Risk Off investors withdraw $40 billion from Asian EMs
The two words that most emerging markets dread are “Risk-Off”. It means that amidst rising uncertainty in the global markets, foreign portfolio investors (FPIs) prefer the more stable and matured markets like the US, Japan, Switzerland etc. They are OK with lower returns as long as the risk is lower and they are assured are getting back their principal amount. That is what risk-off is all about and that is we are getting to see in abundance in the last few months. Global investors are just going risk-off and avoiding Asian emerging markets.
There are a handful of markets in Asia that have been the darlings of foreign portfolio investors. For a long time, Taiwan and South Korea were the preferred markets. In the last few years, India has emerged as a favourite destination and in recent times even Indonesia and, to a lesser extent, Thailand and Philippines have emerged as preferred investment destinations. However, the scenario in the last few months has been far from satisfactory for all these markets, which have borne the brunt of the selling in the stock markets.
Some of the numbers are quite intimidating. It is estimating by Bloomberg that global funds offloaded a net amount of $40 billion of equities across seven regional markets in the June 2022 quarter. This is more than the outflows in any 3-month period since 2007. The biggest selling happened in Taiwan and South Korea. India with its excess reliance on imported oil has also been a major selling target. Foreign investors have also been selling heavily into Indonesian bonds. There are several factors triggering this risk-off selling in Asian EMs.
There are several reasons why the fund managers are worried about the emerging markets in Asia. There is the high risk of rampant inflation and aggressive central bank interest-rate hikes. Both are likely to jointly curtail the growth outlook of these vulnerable economies severely. Factors like a recession in the US and Europe, worsening COVID lockdowns in China and the ongoing war in Russia are also badly hitting the supply chains that feed Asian trade. Amidst all these factors, there were always fears that most Asian EMs were overvalued.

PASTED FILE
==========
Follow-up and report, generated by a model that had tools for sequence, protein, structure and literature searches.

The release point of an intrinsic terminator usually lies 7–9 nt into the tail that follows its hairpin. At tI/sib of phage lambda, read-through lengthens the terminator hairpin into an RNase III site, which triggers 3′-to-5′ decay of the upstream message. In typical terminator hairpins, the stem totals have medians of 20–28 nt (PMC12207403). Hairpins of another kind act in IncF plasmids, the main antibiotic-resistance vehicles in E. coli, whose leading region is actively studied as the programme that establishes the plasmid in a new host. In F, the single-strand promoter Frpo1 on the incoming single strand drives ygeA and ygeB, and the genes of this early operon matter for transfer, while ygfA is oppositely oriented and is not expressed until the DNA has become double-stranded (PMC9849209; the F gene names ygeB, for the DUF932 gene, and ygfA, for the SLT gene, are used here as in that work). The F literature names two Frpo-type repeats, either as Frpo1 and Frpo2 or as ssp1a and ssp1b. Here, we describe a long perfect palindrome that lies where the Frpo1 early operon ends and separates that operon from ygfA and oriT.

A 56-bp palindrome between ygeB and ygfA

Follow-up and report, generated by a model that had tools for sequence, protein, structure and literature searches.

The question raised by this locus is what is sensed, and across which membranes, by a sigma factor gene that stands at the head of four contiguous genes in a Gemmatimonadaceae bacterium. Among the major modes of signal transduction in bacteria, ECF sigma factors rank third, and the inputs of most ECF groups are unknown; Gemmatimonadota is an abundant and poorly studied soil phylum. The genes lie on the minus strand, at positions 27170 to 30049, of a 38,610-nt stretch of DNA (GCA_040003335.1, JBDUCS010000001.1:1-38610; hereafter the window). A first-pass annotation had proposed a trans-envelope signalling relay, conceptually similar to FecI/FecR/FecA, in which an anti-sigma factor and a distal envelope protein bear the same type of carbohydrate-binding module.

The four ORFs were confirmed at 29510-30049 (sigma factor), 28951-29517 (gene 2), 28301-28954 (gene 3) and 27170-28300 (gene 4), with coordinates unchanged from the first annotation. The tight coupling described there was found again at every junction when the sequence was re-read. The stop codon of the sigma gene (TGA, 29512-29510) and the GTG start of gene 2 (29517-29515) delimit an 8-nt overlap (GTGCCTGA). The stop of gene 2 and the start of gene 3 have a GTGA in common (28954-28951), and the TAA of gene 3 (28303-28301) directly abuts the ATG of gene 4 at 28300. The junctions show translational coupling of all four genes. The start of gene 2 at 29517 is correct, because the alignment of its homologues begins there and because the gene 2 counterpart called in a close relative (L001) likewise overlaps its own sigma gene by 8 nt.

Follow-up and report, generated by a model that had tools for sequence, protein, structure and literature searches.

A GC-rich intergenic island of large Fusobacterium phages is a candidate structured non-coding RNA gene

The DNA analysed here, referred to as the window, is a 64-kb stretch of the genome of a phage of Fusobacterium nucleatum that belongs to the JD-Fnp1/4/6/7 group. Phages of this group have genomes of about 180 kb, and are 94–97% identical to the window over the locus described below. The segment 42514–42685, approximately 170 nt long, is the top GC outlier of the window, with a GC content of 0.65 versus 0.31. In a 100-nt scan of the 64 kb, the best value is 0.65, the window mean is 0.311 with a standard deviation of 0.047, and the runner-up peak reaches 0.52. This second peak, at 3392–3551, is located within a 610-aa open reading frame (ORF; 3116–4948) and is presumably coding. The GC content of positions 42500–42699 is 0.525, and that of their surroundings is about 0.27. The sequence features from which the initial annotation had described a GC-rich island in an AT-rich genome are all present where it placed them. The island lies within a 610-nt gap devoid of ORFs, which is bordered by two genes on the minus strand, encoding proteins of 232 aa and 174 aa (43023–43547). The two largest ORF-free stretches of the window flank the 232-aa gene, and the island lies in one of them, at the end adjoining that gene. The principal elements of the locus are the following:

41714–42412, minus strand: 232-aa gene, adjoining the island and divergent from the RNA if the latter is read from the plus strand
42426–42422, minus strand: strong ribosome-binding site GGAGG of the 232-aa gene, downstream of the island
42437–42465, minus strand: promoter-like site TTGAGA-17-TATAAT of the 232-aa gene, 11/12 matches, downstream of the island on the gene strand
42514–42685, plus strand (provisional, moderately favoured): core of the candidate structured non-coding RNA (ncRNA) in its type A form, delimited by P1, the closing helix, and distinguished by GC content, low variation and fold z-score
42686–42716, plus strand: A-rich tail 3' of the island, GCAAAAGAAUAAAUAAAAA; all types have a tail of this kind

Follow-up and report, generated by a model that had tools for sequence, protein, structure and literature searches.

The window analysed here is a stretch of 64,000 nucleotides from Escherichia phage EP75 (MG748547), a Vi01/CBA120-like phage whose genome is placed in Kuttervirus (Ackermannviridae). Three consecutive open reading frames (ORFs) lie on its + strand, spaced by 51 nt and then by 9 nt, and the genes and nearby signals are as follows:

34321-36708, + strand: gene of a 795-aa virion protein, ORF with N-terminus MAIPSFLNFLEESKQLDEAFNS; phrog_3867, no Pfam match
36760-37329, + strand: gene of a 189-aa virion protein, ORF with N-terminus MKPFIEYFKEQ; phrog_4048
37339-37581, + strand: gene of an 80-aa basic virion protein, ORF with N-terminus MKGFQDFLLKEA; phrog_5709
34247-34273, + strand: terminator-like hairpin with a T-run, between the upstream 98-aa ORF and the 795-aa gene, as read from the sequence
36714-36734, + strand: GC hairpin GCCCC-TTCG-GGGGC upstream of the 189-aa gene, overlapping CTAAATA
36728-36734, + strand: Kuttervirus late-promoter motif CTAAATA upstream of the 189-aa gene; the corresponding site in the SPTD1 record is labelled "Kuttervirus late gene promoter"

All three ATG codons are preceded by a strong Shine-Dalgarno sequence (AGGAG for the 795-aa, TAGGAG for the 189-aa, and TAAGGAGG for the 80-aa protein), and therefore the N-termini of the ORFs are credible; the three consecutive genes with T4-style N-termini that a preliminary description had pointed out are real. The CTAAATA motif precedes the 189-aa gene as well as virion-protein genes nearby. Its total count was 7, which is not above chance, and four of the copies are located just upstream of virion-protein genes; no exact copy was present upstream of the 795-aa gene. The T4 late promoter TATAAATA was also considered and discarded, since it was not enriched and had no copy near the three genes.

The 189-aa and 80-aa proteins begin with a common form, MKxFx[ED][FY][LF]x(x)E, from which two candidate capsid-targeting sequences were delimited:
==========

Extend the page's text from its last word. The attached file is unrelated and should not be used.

The caution is the highest towards export driven economies like Taiwan and Korea. Countries like India are also seen as vulnerable due to their huge dependence on imported oil to fuel the economy. The outflows in this round were more than during the global financial crisis of 2008, or the 2013 taper tantrum or even during the peak of the Federal Reserve’s last rate-hike cycle in 2018. Taiwan alone saw outflows of $17 billion in the June quarter accounting for 45% of all net outflows from emerging Asian markets.
However, Asian analysts are less worried as they believe the reasons are external and not internal to Asia. Foreign investors are selling, not because something has gone wrong with Asia, but because US Fed and other central banks are tightening monetary policy. Like the NASDAQ that is down 30% from its peaks, tech shares account for 50% of Taiwan and 33% of Korean benchmarks. They make these markets more prone to a sell-off. Both Korea and Taiwan export heavily to Japan and a weak yen is worsening matters for them.
The real story for Asia is called the double whammy. What is really weighing on Asia is the rapidly tightening liquidity in developed markets and high fuel prices. This combination is starting to weigh on Asian currencies and depressing flows into Asian financial markets. What it means is that the Asian equity markets may have corrected a lot more than is apparent if you also consider the impact of the currency depletion. That should make an attractive investment basket case for the future?
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